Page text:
The deeper I dig into these issues though, what I am finding is the problem for the kids who don't identify in the neat and easy girl/boy split. These are the kids who might be gay, or queer, transgender, or don't yet know how they identify. When we say to these children that they have to fit into a neat box, no matter what, we are making their lives harder than they need to be. Over the weekend I watched this intensely powerful video about college students who don't fit into this two-sided binary of girls and boys, and what they wish their college professors knew.
Part of what struck me about this video is how hurtful simple words can be. I know how often I use gendered phrases in talking to my students. I regularly use terms like "guys," "ladies," "boys," and "girls." Just this morning I found myself saying "Thank you, ma'am" to a young student who had just done a nice job of fixing some books that had fallen over on the shelf. Now, this child may not have noticed or cared that I said "ma'am" instead of something more neutral. In fact, my southern upbringing taught me well to "ma'am" and "sir" pretty much everyone out of respect. But I don't know how every student at my school identifies, and it isn't something that can be judged by looks.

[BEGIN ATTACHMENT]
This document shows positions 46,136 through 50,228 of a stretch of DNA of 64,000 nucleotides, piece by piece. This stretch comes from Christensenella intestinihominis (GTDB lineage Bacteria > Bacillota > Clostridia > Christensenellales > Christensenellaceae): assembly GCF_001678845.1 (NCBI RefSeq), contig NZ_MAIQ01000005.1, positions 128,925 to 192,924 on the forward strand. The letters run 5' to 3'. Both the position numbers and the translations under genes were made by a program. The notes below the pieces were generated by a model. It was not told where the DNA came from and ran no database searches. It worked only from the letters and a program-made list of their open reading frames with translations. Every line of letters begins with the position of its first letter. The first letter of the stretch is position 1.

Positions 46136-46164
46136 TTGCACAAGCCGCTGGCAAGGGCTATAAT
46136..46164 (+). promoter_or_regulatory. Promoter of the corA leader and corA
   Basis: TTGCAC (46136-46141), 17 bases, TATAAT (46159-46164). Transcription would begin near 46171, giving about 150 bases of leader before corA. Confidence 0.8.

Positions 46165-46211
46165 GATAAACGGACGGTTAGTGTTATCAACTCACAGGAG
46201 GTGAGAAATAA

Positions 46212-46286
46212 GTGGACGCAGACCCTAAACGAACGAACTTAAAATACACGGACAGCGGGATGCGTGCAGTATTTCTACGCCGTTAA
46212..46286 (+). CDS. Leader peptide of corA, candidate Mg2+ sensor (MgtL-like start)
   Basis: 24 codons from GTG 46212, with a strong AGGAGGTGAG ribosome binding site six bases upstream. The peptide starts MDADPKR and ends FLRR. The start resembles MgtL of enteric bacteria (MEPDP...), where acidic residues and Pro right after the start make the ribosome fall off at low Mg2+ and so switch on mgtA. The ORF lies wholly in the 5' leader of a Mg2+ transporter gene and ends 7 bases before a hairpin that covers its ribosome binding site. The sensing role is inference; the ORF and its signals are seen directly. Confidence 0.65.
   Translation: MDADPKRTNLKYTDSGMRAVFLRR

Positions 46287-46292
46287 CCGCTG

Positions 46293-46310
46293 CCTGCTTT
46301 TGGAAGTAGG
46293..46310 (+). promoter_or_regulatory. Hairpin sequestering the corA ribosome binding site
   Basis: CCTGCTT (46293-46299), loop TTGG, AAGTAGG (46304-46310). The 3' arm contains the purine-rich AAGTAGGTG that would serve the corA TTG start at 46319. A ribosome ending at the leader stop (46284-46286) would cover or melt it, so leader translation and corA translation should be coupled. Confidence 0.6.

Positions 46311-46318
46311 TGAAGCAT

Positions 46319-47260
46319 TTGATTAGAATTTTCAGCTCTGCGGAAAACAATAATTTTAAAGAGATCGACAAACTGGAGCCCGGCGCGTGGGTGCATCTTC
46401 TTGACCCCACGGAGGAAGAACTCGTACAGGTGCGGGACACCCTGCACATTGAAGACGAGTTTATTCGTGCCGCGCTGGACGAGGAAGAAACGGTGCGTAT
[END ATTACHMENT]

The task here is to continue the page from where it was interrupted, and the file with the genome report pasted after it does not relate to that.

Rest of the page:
I made a concerted effort for the rest of the day to cut out the gendered words I use unnecessarily, and it is difficult - hard even when I spent the day thinking about it. I found myself falling on the always useful "y'all" which my grandmother from Birmingham probably would have approved of. I am eager to dig deeper into the research about how we are serving our LGBTQ community, when something as simple as what you call someone can have such significance.